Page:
One of the more frequent topics on the American expat facebook groups is about driving and obtaining a UK driving licence. The GOV.UK site does a great job of explaining the process here but it always helps to have a first-hand explanation of how to do it.
A good thing to do before you move over here from the states is obtain a copy of your no-claims history from your current insurance company, the further back the better because motor insurance here can be astronomical! Having a copy of mine saved quite a bit of money--this can also be obtained by contacting their customer service but usually the sooner you obtain it the better that way any mistakes can be corrected. For example I didn't realise that Geico had shown that I'd filed a claim when we had called in to find out what the insurance would cover when someone had gone on a brick-throwing vandalism spree in our neighbourhood a few years back and knocked out the back glass of my pickup. We ended up not using the insurance and paying out of pocket but unfortunately someone had clicked the wrong button and I was only able to claim 3 years of no claims versus 7 years which would have saved an additional £200.
You CAN drive in the UK on your US driving licence for up to a year but making plans to get it earlier can save an immense amount of stress. I waited until the very last moment and really wish I hadn't, I was in a near-panic with trying to get everything done in the last two months left.
No matter how good of a driver you are, take lessons! It's not about learning how to drive for most of us but it's about unlearning habits that will fail us on the exam and learning what the examiners are looking for. Also most of the instructors will be giving lessons on the actual routes used which will help minimise mistakes.
The first step is to obtain your provisional licence by starting here, I obtained the D1 application form from our local post office, filled it out, enclosed the money and appropriate sized picture, and sent it off to Swansea with my passport. It all came back well within the 3 weeks quoted on the site. As a bit of a segue, if you haven't obtained your NINO (National Insurance Number) do so!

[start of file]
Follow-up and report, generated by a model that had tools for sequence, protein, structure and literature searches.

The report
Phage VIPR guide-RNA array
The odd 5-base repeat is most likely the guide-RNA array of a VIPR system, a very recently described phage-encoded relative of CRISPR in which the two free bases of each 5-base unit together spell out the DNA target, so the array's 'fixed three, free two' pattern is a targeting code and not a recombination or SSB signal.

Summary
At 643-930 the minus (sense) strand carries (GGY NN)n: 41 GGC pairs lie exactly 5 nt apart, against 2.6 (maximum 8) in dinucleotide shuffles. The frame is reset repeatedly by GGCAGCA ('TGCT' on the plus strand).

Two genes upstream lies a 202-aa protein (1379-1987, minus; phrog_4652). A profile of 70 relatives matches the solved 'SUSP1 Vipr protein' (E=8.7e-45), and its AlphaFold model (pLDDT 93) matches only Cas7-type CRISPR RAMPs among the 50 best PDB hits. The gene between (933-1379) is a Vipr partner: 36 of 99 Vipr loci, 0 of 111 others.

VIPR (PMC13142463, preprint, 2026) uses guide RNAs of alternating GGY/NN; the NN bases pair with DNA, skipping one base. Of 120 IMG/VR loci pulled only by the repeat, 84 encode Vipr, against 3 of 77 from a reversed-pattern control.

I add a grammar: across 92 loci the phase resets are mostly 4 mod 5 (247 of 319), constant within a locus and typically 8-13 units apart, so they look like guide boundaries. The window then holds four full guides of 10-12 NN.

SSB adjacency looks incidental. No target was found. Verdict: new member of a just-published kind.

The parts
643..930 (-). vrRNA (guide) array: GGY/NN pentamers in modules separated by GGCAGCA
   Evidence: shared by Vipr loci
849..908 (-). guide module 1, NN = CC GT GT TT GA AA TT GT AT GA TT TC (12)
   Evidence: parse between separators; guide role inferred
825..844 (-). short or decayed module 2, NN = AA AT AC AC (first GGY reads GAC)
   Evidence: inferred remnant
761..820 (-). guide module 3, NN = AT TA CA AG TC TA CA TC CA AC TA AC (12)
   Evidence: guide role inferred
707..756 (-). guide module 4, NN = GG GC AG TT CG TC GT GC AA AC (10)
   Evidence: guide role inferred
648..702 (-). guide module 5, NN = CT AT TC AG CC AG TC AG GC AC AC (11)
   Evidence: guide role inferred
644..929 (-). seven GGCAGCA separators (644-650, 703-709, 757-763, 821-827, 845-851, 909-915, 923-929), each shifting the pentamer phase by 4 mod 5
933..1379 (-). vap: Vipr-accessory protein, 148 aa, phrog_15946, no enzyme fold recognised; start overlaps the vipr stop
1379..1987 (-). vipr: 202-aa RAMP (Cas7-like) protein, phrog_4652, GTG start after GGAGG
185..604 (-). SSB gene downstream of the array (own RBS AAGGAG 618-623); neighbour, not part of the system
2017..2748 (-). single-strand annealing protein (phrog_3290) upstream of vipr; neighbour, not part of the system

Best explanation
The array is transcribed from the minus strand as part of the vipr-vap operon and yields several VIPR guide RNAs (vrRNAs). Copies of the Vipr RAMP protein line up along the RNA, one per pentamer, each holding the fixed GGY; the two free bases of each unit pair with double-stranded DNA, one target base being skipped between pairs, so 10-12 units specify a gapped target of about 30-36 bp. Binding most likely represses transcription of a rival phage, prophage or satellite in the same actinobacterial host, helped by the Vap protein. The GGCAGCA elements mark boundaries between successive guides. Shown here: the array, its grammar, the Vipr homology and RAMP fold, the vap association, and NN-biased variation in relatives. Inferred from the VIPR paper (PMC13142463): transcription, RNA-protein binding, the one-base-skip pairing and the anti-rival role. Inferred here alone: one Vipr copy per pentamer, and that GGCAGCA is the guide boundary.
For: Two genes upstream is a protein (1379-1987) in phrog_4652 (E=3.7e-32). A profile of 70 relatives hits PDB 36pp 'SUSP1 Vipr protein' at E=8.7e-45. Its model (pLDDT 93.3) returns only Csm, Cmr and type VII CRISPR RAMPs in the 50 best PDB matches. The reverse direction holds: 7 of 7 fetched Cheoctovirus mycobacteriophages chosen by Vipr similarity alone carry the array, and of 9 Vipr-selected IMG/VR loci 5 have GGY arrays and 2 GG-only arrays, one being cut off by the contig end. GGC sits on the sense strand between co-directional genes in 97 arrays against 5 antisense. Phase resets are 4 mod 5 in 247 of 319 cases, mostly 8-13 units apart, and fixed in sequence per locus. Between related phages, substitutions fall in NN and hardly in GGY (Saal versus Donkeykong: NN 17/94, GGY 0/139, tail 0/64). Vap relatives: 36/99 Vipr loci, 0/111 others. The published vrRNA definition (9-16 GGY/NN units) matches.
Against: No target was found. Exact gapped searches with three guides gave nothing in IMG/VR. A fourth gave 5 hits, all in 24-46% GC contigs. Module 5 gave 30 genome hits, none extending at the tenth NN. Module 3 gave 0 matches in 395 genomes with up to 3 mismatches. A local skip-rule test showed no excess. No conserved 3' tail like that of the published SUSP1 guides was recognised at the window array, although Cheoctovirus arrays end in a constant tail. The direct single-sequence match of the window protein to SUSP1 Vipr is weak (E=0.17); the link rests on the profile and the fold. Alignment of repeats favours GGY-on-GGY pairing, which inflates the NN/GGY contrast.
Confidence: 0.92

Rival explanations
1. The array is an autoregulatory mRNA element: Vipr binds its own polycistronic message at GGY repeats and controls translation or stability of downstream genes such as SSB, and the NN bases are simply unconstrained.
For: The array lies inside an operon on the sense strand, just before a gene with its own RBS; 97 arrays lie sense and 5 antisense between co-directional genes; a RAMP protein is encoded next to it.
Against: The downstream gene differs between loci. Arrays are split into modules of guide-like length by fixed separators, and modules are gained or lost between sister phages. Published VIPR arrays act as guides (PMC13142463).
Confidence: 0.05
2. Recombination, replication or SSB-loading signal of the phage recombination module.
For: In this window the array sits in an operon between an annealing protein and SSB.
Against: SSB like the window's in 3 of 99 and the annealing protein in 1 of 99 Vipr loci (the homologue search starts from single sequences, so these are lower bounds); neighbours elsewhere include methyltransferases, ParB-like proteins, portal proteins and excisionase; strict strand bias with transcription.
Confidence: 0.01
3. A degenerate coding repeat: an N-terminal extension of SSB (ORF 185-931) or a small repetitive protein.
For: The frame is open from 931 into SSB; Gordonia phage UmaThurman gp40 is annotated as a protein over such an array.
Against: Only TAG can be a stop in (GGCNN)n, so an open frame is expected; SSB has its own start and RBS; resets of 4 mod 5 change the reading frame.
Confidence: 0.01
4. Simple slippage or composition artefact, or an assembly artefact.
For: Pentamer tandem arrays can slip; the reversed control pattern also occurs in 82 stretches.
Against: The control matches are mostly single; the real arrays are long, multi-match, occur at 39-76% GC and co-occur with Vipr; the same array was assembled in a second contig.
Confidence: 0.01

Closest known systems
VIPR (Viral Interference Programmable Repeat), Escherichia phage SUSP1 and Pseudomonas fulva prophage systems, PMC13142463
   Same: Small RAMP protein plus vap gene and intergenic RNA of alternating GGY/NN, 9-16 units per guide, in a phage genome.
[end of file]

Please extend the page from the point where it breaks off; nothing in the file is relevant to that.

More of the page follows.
After you have received your provisional you can still drive on your US licence (providing you are still with your year) but it's time to start studying for the theory portion of the test. Don't expect to give it a quick read through a few minutes before the test and pass. While some of it is common-sense the wording here is different enough that it will trip you up, there are also a fair bit of non-driving related questions from the Highway Code that will be on the exam. I highly recommend getting a current copy of the DVSA theory test book or software. There are also lots of practice tests available online, take as many as possible to review/revise.
Book your theory test! Don't forget to take along your shiny new provisional licence. Take and pass your theory test! Keep your copy of this safe because you will need to take it along with you for your practical
Now book your practical, depending on where you live it can be several months before the first opening but you are not limited to taking it at your nearest test centre. Do a search of the surrounding areas to find out if you can take the test sooner at a different place. I ended up travelling to one 30 minutes away in order to get it booked within 2 weeks rather than over a month. Also you can check the website daily to find out if there are any cancellations to get it done quicker--you can change your appointment up to 6 times without having to cancel and rebook.
|L aka Learner Plates|
Remember when I mentioned taking lessons earlier? That bears repeating, TAKE DRIVING LESSONS! If you don't gel with the instructor, find a different one. This driving test is stressful enough without having to deal with someone who you don't get along with, their job is to make you a safer driver for the UK and to do their best to get you through the test, not belittle or demean you.
My tips: Study!!!!! Practise!!!! Practise your reversing, emergency stops, mirror checks, hill starts, and your show me/tell me items. Next, relax (yeah, I know easier said than done). Exaggerate your mirror checks, talk through what you are doing as you drive, if you make a mistake, just keep on, you are allowed a few minors and if it's just a one time thing rather than a repeated mistake it probably won't count against you.
Hopefully this helps for those going through the process, please feel free to ask any questions. I wrote about my test experience here with all the gory details of why I didn't pass the first time. One thing I didn't expect was that when my motor insurance came up for renewal after obtaining my UK driving licence was that I was considered a 'new' driver again and had to shop around for a cheaper policy so be aware of that.